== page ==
Published: 29 June, 2012
by ANDREW JOHNSON
PARENTS, unions and the Town Hall have all condemned a decision by a primary school to abandon free school meals for every child just months after opting out of local authority control.
Governors at William Tyndale School, in Upper Street, Islington, pressed ahead with a decision to become an academy – which means the school is funded directly from Whitehall – in November despite bitter opposition from some parents who at one point threatened to take legal action.
Now, just seven months later, the school says it has a hole in its budget and can no longer afford to pay for free school meals.
In a letter to parents it blamed the council for not stumping up the extra money. The Town Hall’s education chief dismissed this, however, saying that governors were warned that free school meals were an extra the school risked losing out on if it went it alone.
Islington’s Labour council has a flagship policy to provide free school meals for all children regardless of income. The popular policy not only saves hard-up parents £300 a year, but ensures that poorer children do not feel stigmatised and so stops any class division in the classroom.
Last year, three Islington primary schools decided to become academies, which means they are funded directly from Whitehall. The government says this gives them more freedom to spend their budget as they see fit.
In a letter signed by chair of governors Becky Crichton-Miller, parents were told this week that “after much deliberation and regret, the governing body has concluded that it is no longer possible [to continue universal free school meals] as the cost from our school budget is too high”.
While the decision does not affect families on benefits, everyone else will have to pay £2 a day for meals.
The letter adds that the cost of free school meals at William Tyndale is £140,000 a year. It then adds: “We had thought that Islington Council would either bring the UFSM [Universal Free School Meals] to an end, as most local authorities have done, or decide to include all children in Islington within the policy, as Southwark Council has done.
However, [in 2012] it decided to continue to pay for school meals for all children at Islington primary schools, but continue to exclude children who attend academy primary schools, even though these children are from families who contribute to the council tax which pays for these meals.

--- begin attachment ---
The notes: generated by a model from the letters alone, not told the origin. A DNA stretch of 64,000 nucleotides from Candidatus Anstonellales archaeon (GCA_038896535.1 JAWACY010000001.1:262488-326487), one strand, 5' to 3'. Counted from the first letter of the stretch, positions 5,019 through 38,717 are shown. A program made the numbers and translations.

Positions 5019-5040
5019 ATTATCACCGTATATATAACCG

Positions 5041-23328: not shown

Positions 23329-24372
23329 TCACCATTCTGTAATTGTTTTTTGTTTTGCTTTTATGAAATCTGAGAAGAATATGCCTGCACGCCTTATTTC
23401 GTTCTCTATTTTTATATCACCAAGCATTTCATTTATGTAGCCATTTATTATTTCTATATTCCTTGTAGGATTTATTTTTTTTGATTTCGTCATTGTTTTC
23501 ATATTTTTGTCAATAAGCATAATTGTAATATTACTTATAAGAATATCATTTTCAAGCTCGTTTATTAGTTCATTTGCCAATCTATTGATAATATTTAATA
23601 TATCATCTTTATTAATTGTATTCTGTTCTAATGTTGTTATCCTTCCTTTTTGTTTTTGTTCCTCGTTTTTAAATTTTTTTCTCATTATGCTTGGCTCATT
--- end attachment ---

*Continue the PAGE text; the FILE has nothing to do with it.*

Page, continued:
“The governing body has strongly opposed the council’s decision and we remain in discussion with them both directly and through the Department for Education in order to try to put right this iniquity.”
One parent contacted the Tribune to say that parents were up in arms over the decision. “We are furious,” she said. “We warned that this would happen. It will divide the school into us and them?”
But Labour councillor Richard Watts, the council’s education chief, dismissed the school’s claims. He said the figure of £140,000 a year was wrong.
He added that the government should be giving William Tyndale the same amount of money that all other primary schools receive from the Town Hall.
“We are checking with the Department for Education to see if this is the case because if it is it would not be fair that William Tyndale receives the money for school meals twice.”
He added that if the DfE was not matching the budget then the council would step in to resolve the problem.
“We think they should be getting the money from the government to pay for this from September onwards,” he said.
“There are significant errors of fact in the letter. But we do think free meals should be universal. We don’t want to exclude academies but we don’t want them to get the money twice.”
Alasdair Smith, of the Anti-Academies Alliance, said: “They were warned this might happen. The academy system promises a pot of gold with no consequences and that has seduced headteachers and governors. It’s not the case and schools need to know that.”
Ms Crichton-Miller said: “The governing body consider it is wholly inappropriate to respond to the points allegedly made by the local authority through the local press.”